# The go-to guy

The resident mathematician announced he was better than engineers. There was a life lesson in that.

A bunch of us engineers were sitting together for lunch in a company cubicle when we were interrupted by someone whom the company had hired as a resident mathematician. If any of us ran into something that required mathematics beyond our personal skill sets, this fellow was our go-to guy.

He announced to all of us: "I am better than you."

After we recovered from our collective astonishment, one of us asked what he was talking about.

He replied: "How would you get the first derivative of the arctangent function?"

I held up a mathematics textbook.

"I don't need that," he said. "I know it off the top of my head and you don't. That's why I'm better than you."

For the sake of keeping this text fit for family consumption, I won't go any further into the ensuing commentary except to say that it was quite colorful, but wouldn't you know it, I actually found something later on to ask this mathematician about.

I had an eleven pole filter that had been designed into a digital multimeter. I wanted to know if the roots of the eleventh order polynomial of that filter's transfer function could be found; could they be factored out. The answer I got from the mathematician was "no," but he couldn't tell me why that was the case.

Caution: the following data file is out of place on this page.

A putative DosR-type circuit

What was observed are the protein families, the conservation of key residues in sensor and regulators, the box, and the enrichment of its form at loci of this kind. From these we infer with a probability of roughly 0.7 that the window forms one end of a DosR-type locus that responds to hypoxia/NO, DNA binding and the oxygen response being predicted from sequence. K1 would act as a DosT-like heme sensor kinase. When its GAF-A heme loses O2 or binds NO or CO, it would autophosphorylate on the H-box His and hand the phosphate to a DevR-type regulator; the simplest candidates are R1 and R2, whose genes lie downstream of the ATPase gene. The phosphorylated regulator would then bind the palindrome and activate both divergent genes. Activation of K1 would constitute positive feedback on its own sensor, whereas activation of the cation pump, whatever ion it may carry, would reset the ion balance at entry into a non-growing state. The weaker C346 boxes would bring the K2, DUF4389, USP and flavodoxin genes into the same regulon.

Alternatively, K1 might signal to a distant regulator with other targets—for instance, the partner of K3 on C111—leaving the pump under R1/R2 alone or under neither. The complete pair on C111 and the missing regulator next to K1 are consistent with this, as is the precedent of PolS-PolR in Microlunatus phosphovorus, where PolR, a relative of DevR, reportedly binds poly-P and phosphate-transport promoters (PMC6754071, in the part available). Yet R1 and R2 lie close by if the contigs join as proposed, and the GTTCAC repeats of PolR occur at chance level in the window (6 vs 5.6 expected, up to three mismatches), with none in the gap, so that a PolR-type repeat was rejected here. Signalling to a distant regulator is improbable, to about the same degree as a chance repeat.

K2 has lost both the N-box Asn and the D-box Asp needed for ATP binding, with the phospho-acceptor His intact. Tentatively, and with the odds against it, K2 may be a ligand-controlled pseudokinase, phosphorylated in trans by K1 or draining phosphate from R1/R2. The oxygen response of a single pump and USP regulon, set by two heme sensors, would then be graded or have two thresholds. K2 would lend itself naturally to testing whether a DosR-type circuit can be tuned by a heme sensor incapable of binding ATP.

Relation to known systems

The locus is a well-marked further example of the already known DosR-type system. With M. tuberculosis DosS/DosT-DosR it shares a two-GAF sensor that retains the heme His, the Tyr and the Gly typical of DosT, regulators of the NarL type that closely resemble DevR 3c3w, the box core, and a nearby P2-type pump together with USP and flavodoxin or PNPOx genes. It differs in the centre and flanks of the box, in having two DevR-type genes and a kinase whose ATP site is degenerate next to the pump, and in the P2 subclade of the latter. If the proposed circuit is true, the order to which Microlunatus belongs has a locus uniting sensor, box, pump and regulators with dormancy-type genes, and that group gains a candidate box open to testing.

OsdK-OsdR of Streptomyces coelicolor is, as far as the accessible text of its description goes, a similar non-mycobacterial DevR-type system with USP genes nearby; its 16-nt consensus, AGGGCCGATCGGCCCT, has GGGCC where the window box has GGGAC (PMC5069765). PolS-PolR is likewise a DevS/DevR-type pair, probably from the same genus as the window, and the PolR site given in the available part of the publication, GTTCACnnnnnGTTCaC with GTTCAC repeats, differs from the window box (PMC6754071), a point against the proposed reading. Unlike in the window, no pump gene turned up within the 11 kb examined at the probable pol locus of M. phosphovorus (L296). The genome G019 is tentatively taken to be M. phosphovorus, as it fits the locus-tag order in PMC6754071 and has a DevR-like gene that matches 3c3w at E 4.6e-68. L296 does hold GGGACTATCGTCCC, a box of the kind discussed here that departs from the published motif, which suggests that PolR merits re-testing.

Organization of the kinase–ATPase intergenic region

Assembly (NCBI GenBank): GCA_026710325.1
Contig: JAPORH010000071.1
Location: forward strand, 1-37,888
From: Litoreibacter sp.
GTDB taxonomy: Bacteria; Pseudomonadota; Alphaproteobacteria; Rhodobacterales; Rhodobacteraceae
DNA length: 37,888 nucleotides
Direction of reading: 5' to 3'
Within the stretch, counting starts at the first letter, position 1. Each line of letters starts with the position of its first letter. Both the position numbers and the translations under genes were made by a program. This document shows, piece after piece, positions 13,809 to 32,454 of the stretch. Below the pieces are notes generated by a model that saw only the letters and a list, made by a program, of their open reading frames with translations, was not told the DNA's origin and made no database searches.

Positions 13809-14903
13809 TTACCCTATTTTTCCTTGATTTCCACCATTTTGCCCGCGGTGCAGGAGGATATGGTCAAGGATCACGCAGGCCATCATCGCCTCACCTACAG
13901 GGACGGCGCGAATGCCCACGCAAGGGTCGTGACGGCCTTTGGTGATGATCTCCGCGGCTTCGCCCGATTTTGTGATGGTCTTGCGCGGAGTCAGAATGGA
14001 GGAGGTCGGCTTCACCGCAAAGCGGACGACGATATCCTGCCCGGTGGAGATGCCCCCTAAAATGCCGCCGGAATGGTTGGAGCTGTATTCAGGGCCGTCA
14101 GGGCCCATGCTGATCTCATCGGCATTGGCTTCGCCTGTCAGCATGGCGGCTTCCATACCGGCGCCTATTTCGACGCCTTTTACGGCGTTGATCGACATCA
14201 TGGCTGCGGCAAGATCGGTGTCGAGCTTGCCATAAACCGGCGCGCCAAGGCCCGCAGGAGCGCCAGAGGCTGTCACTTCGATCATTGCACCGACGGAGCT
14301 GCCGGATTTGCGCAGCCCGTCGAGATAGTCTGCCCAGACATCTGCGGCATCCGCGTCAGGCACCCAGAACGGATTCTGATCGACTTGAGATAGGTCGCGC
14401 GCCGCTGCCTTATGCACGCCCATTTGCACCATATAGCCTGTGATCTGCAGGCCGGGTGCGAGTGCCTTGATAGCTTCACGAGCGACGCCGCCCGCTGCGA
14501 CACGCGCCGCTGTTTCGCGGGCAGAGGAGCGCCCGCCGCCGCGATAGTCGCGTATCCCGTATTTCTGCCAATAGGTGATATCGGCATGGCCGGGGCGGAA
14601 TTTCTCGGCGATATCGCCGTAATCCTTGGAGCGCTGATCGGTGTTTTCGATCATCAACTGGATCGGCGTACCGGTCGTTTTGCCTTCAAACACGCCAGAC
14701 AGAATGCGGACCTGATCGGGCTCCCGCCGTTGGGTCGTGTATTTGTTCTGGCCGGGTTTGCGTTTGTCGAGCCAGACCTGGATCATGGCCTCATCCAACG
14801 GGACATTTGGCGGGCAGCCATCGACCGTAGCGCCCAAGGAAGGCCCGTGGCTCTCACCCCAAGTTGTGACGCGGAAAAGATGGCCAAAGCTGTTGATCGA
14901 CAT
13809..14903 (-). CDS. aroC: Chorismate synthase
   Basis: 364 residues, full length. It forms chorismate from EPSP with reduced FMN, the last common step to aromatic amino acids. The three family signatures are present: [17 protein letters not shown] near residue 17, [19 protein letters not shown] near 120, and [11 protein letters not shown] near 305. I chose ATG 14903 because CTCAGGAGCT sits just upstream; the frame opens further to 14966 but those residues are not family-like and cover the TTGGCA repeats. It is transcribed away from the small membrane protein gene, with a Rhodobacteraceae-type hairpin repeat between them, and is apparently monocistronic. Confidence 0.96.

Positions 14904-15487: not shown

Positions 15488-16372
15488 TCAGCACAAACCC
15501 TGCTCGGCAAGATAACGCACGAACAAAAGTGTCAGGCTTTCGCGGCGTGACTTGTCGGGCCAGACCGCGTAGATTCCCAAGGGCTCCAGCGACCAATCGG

In fact, it was the case. The mathematician was right, but I only learned why later from a biographical article in Scientific American about the French mathematician, **Évariste Galois** (*October 25, 1811 – May 31, 1832*) who, if I got this right, had sought to find a generalized method of factoring a polynomial of any order and proved that there was no such general method for polynomials of greater than fifth order. Galois' work was the beginning of what is today called "group theory."

Because our resident mathematician was who he was, because of the offensive attitude he displayed, I didn't really believe him. He had lost his credibility with me and as I later saw, with the others too.

There was a life lesson in that.

*(John Dunn is an electronics consultant at Ambertec, P.E., P.C. in Merrick, N.Y., a graduate of The Polytechnic Institute of Brooklyn (BSEE) and of New York University (MSEE) and is a member and former Chairman of The IEEE Consultants Network of Long Island (LICN)).*

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